recombineSL: Recombine a SuperLearner fit using a new metalearning method

Description Usage Arguments Details Value Author(s) References Examples

View source: R/recombine.R

Description

The recombineSL function takes an existing SuperLearner fit and a new metalearning method and returns a new SuperLearner fit with updated base learner weights.

Usage

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recombineSL(object, Y, method = "method.NNloglik", verbose = FALSE)

Arguments

object

Fitted object from SuperLearner.

Y

The outcome in the training data set. Must be a numeric vector.

method

A list (or a function to create a list) containing details on estimating the coefficients for the super learner and the model to combine the individual algorithms in the library. See ?method.template for details. Currently, the built in options are either "method.NNLS" (the default), "method.NNLS2", "method.NNloglik", "method.CC_LS", "method.CC_nloglik", or "method.AUC". NNLS and NNLS2 are non-negative least squares based on the Lawson-Hanson algorithm and the dual method of Goldfarb and Idnani, respectively. NNLS and NNLS2 will work for both gaussian and binomial outcomes. NNloglik is a non-negative binomial likelihood maximization using the BFGS quasi-Newton optimization method. NN* methods are normalized so weights sum to one. CC_LS uses Goldfarb and Idnani's quadratic programming algorithm to calculate the best convex combination of weights to minimize the squared error loss. CC_nloglik calculates the convex combination of weights that minimize the negative binomial log likelihood on the logistic scale using the sequential quadratic programming algorithm. AUC, which only works for binary outcomes, uses the Nelder-Mead method via the optim function to minimize rank loss (equivalent to maximizing AUC).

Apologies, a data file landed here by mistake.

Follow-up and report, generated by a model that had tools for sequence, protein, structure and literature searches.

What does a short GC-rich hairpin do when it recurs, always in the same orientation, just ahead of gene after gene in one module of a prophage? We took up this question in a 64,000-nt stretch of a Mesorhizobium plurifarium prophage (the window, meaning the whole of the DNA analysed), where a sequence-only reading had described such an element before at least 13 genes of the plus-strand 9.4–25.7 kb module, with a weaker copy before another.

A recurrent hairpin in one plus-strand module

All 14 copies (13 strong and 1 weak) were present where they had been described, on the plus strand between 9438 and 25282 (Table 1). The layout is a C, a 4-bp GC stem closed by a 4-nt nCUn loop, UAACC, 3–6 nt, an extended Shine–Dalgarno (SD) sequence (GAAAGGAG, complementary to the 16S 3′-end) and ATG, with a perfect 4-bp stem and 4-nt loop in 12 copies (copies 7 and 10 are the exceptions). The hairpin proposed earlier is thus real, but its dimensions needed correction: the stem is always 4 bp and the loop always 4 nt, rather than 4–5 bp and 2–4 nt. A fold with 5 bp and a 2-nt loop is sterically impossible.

verbose

logical; TRUE for printing progress during the computation (helpful for debugging).

Details

recombineSL re-fits the super learner prediction algorithm using a new metalearning method. The weights for each algorithm in SL.library are re-estimated using the new metalearner, however the base learner fits are not regenerated, so this function saves a lot of computation time as opposed to using the SuperLearner function with a new method argument. The output is identical to the output from the SuperLearner function.

Value

call

The matched call.

libraryNames

A character vector with the names of the algorithms in the library. The format is 'predictionAlgorithm_screeningAlgorithm' with '_All' used to denote the prediction algorithm run on all variables in X.

SL.library

Returns SL.library in the same format as the argument with the same name above.

SL.predict

The predicted values from the super learner for the rows in newX.

coef

Coefficients for the super learner.

library.predict

A matrix with the predicted values from each algorithm in SL.library for the rows in newX.

Z

The Z matrix (the cross-validated predicted values for each algorithm in SL.library).